SIGN IN to access Harper’s Magazine
1. Sign in to Customer Care using your account number or postal address.
2. Select Email/Password Information.
3. Enter your new information and click on Save My Changes.
Subscribers can find additional help here. Not a subscriber? Subscribe today!
Kevin Baker appears on the The Colbert Report tonight to discuss his article “Barack Hoover Obama: The best and the brightest blow it again”–available now for subscribers only.
Three months into his presidency, Barack Obama has proven to be every bit as charismatic and intelligent as his most ardent supporters could have hoped. At home or abroad, he invariably appears to be the only adult in the room, the first American president in at least forty years to convey any gravitas. Even the most liberal of voters are finding it hard to believe they managed to elect this man to be their president.
It is impossible not to wish desperately for his success as he tries to grapple with all that confronts him: a worldwide depression, catastrophic climate change, an unjust and inadequate health-care system, wars in Afghanistan and Iraq, the ongoing disgrace of Guant·namo, a floundering education system.
From September 1968.
Jackie Rousseau-Anderson: Originally the internet was a great “unknown.” We saw marked increases in the time spent online as people began to try out this new medium and become acquainted with it. The amount of time people were dedicating to the internet grew significantly because it took people time to sit down and figure out how to use it and where they should be going. These were the days of “hard-core surfing”; people just floating through the internet, not really sure what they were looking for, but just spending time looking around. Now people’s use is more defined. People who have been online awhile understand how to use the internet sufficiently and can maximize the time they have to spend on it. They generally know which sites they are going to when they log in. For new people starting out, the proliferation of website advertising (i.e., websites listed in commercials, affiliated with brands, etc.) helps direct people to where they want to go. Similarly, Google and other search engines have become staples of internet use so instead of surfing around to find what you’re looking for you can simply go to Google, type in your search terms, and all the hard work is done. –“The Web Is Flat: Why time spent online is leveling off,” Abbey Klaassen, Advertising Age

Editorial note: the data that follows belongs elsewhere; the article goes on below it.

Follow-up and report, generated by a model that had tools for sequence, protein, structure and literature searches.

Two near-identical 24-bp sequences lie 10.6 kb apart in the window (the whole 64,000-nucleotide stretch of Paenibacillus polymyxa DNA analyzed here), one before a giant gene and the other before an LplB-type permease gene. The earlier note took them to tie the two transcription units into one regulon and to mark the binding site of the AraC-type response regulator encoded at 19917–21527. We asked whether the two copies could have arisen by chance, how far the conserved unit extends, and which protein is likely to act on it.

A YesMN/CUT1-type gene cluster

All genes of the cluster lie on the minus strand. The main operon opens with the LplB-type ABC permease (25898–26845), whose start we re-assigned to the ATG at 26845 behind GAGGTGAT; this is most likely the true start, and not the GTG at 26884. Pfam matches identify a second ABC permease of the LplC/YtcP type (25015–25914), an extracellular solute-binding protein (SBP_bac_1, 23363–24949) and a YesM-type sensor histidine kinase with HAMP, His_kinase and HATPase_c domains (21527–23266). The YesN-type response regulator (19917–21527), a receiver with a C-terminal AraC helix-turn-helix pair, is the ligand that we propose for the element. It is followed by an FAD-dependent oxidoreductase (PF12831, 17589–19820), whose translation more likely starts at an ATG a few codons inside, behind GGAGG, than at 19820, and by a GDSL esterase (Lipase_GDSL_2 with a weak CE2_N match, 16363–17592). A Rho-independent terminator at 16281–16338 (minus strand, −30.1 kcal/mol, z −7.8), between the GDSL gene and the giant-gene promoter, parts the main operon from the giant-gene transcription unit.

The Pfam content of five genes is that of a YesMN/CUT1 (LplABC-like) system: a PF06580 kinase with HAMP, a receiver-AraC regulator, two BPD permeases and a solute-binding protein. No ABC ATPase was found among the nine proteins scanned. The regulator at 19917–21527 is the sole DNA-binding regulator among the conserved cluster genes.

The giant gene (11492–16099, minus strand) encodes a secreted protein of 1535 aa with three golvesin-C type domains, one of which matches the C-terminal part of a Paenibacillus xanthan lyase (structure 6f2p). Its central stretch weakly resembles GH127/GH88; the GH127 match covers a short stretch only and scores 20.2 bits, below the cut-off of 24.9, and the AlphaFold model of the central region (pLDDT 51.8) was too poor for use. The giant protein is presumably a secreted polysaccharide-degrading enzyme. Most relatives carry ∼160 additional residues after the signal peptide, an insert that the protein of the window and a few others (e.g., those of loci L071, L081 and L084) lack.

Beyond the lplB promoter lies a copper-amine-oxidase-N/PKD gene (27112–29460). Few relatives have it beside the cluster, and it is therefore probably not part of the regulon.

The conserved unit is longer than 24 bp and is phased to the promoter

The German Army, mocked and criticised by its NATO partners because of the many caveats limiting its operations, has been taking serious casualties in the north of the country, especially around the Kunduz region. German politicians, aware of an approaching general election that could give voice to pacificist sentiment, are still avoiding the K-word — Krieg (war) — and no modern German government can expect to be re-elected on a war platform. The reality looks a lot like war, and the new rules of engagement adapt to it. The seven-page booklet has been trimmed down to four pages and soldiers are not as hamstrung by regulations. Up until last week it was, for example, forbidden to shoot a fleeing assailant, even though every civilian policeman in Germany has the right to shoot an armed fugitive in the arm or leg after barking a short warning. –“New Rules Let Germans in Afghanistan Stop Shouting and Start Shooting,” Roger Boyes, Times Online